Yes, National Geographic is hot on my tail, as I am the next famous wild fish, I mean, whale photographer.  Anyone who desires to send me one of those enormous lens has my permission to do so.

I will also need a net, or a harness, so that I can stay dry or at least on my feet.  These photos do not do justice to the rough and raging seas upon which we were bobbing.  Also, the sea was black, not this idyllic blue.

It is a task, to take off the fear, once it takes hold and becomes so close as to be indecipherable from breath.  And with that breath, I am drawn 'closer than close' and I remember what my woodsy friend, Henry David Thoreau said, "Go confidently in the direction of your dreams!  Live the life you've imagined.  As you simplify your life, the laws of the universe will be simpler."

Thank Goodness!


Sunday, January 11, 2009

Breathing and Whale Watching, with Dolphins

They came when we were wondering how long one could hang on, stay upright, not crash into one's neighbor... and all of a sudden they were there!  Under the bow, on the right!  On the left!  In back, surfing in our wake!  The water, the air, the whole concept of life, LIFE! was illuminated in speed, beauty, playfulness, joy, determination and whatever else a Dolphin is.  I was so glad to see them.
Sea Lions and youngsters, Sea Gulls, Harbor Seals and Comorants all piled on the spit at the Monterey Harbor.  Click on the image for a better idea of teeming Life!  Click on the dolphins, too.  And yes, I am on the quest for another lens!

I've gone on a trip.  Saturday was the Full Wolf Moon.  I heard coyotes calling one another.  I saw shadows under the oaks.  In the sky the full faced moon threw light all over the landscape.  The Bay Bridge looked like delicate sparkling embroidery.  The buildings in the Financial District and on the San Francisco hills were illuminated in moonlight.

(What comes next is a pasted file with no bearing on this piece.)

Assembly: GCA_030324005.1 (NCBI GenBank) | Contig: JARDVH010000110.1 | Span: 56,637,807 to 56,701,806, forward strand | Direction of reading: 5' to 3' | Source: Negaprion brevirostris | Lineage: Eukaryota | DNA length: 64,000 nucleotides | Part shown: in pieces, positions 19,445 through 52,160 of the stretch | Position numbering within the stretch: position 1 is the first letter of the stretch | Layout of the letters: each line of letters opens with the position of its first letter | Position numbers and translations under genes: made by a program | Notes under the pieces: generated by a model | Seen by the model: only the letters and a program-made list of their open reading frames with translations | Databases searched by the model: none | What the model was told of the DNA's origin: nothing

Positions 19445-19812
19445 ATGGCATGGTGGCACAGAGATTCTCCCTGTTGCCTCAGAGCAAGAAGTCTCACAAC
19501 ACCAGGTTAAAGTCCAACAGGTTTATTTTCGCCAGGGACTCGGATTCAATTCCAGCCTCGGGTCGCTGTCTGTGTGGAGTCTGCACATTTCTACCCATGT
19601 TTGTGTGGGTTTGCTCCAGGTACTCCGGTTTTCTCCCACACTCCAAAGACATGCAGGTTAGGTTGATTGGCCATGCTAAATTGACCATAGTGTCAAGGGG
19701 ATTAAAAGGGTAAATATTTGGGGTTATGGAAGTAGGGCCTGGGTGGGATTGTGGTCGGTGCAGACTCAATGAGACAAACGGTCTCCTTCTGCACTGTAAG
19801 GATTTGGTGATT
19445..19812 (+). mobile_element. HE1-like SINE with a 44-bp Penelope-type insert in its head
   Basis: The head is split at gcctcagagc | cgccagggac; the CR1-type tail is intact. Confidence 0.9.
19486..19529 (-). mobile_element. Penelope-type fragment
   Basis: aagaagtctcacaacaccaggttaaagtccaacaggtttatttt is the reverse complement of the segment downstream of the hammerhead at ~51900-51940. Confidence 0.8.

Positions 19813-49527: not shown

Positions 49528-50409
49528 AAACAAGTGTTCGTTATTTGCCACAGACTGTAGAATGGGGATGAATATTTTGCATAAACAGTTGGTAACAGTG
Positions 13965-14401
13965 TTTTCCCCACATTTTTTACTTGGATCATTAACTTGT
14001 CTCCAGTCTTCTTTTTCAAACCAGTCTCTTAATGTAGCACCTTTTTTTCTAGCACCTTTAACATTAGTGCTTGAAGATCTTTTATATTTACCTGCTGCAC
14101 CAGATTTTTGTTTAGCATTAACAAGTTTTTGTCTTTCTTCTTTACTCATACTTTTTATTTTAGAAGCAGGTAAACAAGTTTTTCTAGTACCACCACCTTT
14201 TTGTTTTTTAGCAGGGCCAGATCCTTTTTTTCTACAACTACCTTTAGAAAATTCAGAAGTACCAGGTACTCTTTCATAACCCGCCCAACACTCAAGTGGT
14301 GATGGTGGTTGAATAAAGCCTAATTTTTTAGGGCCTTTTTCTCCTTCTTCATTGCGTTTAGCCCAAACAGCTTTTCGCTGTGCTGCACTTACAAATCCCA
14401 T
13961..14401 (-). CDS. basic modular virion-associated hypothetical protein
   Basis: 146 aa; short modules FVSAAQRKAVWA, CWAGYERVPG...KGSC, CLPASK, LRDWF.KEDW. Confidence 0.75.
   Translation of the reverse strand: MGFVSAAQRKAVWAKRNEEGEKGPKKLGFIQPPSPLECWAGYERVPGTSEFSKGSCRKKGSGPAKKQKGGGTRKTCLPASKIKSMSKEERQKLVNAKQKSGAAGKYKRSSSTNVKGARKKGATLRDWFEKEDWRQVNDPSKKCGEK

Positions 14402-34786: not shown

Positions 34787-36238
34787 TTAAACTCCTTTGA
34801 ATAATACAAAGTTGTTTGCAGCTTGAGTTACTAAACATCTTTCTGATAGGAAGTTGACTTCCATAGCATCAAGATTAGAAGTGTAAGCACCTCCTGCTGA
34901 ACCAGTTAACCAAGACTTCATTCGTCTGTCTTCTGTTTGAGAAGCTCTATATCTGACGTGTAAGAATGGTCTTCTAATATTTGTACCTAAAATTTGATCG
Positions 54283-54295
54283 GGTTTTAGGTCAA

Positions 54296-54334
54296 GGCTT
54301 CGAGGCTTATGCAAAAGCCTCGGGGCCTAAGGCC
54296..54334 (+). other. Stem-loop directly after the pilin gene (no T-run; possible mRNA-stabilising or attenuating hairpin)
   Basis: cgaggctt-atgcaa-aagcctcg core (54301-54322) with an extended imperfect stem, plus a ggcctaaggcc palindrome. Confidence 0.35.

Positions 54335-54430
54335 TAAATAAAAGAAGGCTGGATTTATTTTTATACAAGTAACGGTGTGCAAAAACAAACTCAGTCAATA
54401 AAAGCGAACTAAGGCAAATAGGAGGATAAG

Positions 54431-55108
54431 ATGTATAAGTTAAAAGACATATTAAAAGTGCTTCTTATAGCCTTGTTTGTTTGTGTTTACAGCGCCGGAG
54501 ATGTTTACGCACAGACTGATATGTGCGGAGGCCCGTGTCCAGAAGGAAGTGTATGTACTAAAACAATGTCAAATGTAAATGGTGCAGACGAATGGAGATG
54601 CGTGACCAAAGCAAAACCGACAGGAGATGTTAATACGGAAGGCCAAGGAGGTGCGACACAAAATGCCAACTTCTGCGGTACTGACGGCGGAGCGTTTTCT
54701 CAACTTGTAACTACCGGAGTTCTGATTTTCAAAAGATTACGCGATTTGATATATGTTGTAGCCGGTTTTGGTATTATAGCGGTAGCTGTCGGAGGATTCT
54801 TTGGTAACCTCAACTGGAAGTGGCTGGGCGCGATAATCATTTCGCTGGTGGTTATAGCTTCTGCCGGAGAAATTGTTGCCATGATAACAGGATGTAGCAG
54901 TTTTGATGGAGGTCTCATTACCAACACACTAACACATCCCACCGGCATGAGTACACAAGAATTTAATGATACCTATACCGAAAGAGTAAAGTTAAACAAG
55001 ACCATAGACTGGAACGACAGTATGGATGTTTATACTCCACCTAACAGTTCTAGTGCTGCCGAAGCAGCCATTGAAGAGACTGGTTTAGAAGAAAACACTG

Home again.  Mary spent the afternoon with us.  We had ice cream "with chocolate powder" twice, once before dinner and once after.  It was sunny and warm.

So Life pulls us along with it.  And I am very grateful.


Monday, January 5, 2009

Meat Pie

My work is loving the world,...which is gratitude, to be given a mind and a heart...
...telling them all, over and over, how it is
that we live forever.
---from Mary Oliver's "Messenger."

Meat Pie our Chocolate Labbie     
born on February 14, 2002, and died the morning of January 2, 2009.  

So now I am in a new chapter.  Can't even say it is new, as I have been here before, just not with my Meat Pie.  And really, my writer-self has collapsed for the time being, so I am going to let Denise Levertov say it for me:

Talking to Grief


Ah, grief, I should not treat you

like a homeless dog

who comes to the back door

for a crust, for a meatless bone.

I should trust you.


I should coax you

into the house and give you

your own corner,

a worn mat to lie on,

your own water dish.


You think I don’t know you’ve been living

under my porch.

You long for your real place to be readied

Before winter comes. You need

your collar and tag. You need

the right to warn off intruders,

to consider my house your own

and me your person

and yourself my own dog.

Thank you all, for being there, for your love, for your proving that Life is Good.